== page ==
Halesowen’s Lennox Clarke dents the dreams of Willy Hutchinson to win domestic titles
LENNOX CLARKE emphatically burst the bubble of Scottish hope Willy Hutchinson with a fifth-round stoppage at the Copper Box Arena that brought him the vacant British and Commonwealth super-middleweight titles. Frank Warren had described Hutchinson as a new Joe Calzaghe and the 22-year-old’s collapse appeared to be a shock to everyone apart from the new champion and his Black Country Boxing team, headed by trainer Errol Johnson.
Exactly as he predicted, Clarke, a muscular 29-year-old from Halesowen, beaten only by Lerrone Richards on a split in his 17-1-1 career, walked through the punches that had felled or discouraged Hutchinson’s previous 13 opponents, got on top of him and stopped him.
The second round was the turning point. Clarke (12st) stayed on his feet – just – after Hutchinson unloaded combinations and at the bell, the starlet from Carstairs headed back to his corner with a cut on his left eyebrow. This was an adversity Hutchinson (11st 13lbs) wasn’t prepared for and Clarke and his corner sensed it.
Hutchinson looked to win rounds at range and in second gear – and Clarke wouldn’t let him. He stayed on the Scot’s chest and when Hutchinson got sloppy on the ropes, Clarke smashed a clean right hand off his chin that took everything out of him. Blank-eyed, Hutchinson slid along the ropes and towards the canvas and Clarke helped him on his way with two more booming blows, another right followed by a left hook.
Up quickly, Hutchinson didn’t know where he was and referee Bob Williams signalled the finish after 1-05 of the round.
Peacock punching machine Louie ‘Loco’ Lynn (8st 13lbs) stepped up to championship level and churned out non-stop punches to outpoint Sebastian Perez (8st 12lbs) unanimously over 10 rounds. Bob Williams had Lynn winning 100-91, while Howard Foster and Terry O’Connor had it closer, scoring 98-92 and 97-93 respectively. The rounds the Spaniard won on the cards of Mr Foster and Mr O’Connor were surely in the second half.
As always, Lynn started at full throttle, but Perez wouldn’t go away and had better moments in the fifth and sixth rounds before a pivotal seventh when the 25 year old from Bermondsey seized back control.
Nathan Gorman did what good heavyweights do and got rid of 38 year-old Pavel Sour (16st 8lbs) early. The 24-year-old from Nantwich had Sour over five times before referee Bob Williams waved it off 39 seconds into the second round of a scheduled 10.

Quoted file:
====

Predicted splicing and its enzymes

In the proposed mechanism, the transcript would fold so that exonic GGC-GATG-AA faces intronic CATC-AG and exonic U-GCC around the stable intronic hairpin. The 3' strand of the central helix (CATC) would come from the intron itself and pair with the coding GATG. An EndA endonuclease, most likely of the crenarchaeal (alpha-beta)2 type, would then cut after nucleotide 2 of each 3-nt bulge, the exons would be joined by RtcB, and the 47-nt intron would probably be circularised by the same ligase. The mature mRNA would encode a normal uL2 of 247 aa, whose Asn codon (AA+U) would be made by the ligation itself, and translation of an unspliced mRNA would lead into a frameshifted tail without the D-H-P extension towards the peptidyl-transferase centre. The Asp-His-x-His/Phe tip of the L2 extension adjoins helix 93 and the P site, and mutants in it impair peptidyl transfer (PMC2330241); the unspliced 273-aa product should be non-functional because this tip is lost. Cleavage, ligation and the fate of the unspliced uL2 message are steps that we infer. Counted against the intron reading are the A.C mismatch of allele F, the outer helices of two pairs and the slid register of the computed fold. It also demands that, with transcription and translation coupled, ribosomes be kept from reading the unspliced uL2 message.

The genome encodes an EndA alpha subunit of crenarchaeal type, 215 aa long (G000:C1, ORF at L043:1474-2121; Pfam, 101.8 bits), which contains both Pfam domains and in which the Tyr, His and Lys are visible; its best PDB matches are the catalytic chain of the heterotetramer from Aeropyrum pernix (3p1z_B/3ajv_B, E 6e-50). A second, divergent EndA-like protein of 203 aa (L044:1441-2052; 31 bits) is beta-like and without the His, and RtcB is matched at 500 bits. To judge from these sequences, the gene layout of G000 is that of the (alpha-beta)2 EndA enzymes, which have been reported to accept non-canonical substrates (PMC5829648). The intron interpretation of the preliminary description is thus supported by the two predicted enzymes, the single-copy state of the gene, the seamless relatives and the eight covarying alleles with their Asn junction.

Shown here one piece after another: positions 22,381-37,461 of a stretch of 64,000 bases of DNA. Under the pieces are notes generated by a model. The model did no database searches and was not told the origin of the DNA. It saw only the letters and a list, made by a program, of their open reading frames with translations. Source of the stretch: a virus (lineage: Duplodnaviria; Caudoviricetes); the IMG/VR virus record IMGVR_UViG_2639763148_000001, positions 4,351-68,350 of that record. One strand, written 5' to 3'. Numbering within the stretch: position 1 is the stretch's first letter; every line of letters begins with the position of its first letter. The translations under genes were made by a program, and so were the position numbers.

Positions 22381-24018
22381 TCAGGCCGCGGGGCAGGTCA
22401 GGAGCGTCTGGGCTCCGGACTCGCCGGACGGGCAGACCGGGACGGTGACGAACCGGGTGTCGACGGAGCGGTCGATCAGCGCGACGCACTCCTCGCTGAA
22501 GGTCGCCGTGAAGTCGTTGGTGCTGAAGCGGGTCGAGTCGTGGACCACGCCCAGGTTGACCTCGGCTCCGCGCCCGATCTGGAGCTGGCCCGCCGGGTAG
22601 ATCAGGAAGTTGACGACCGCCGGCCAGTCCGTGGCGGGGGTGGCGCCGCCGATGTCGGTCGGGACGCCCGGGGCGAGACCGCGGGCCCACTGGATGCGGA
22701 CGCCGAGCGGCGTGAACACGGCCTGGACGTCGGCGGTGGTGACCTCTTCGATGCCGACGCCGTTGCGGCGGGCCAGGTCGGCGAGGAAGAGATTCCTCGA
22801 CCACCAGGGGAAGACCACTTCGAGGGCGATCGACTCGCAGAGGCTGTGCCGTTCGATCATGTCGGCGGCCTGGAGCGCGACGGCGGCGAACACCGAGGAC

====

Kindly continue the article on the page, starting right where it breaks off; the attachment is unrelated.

Filip Hrgovic and Hughie Fury stopped the Czech in the first and third rounds respectively and Gorman (19st 6lbs) went looking for the stoppage.
Sour (16st 8lbs) punched with him and it was Gorman who made the breakthrough, landing a short right during an exchange that had Sour looking shaky before dropping him with a stiff, well-timed jab. Up quickly, Sour was down twice before the bell from clobbering punches. The spirited Sour met Gorman in the centre of the ring at the start of the second and the exchange ended the moment Gorman found his jaw with a sweeping right hand.
The shot put him on his back and though he got up again, Gorman was too strong and after another knockdown, Mr Williams decided he had seen enough. Gorman is now 18-1, Sour dips to 13-4.
Further down the line we may see hard-hitting lightweights Mark Chamberlain and Sam Noakes meet in a fight that has the makings of a classic.
The eight-rounder between Portsmouth southpaw Chamberlain (9st 12lbs) and Jordan Ellison (9st 12lbs) enabled fans to draw a comparison.
Noakes mauled Jordan Ellison in five rounds last August, while Chamberlain took just 83 seconds to blow away the 25 year old from Seaham, County Durham.
The shot that brought Chamberlain his fifth one-round win in eight fights was a crunching left hook to the ribs that left Ellison on his knees in agony for way beyond the ‘10’ count of referee Marcus McDonnell.
Until the day before the show, Eithan James, Northampton’s former outstanding junior and youth amateur, was boxing Des Newton in his first six rounder.
Newton was ruled out and at the last moment, Wolverhampton’s Clayton Bricknell (10st) stepped in.
Bricknell (3-2-1) came with ambition and referee Bob Williams gave him a round and a share of another, scoring 59-56.
James is now 5-0.
There was a shock in the show opener, Andrius Ruzas (14st 12ozs) laying out towering Erith debutant Stephen Adentan (14st 5lbs) in the second of a scheduled four threes at cruiserweight.
Ruzas, a Lithuanian based in Hull whose win on his 1-2 record was over 12-0 Mark Little on his pro debut, beat Adentan to the punch with a right hand that left him flat on his back.
Referee Marcus McDonnell completed the count at 1-51.
Eighteen-year-old Umar Khan (9st 8lbs) had a better debut outpointing Levi Dunn (8st 12lbs0 by 39-36 over four threes.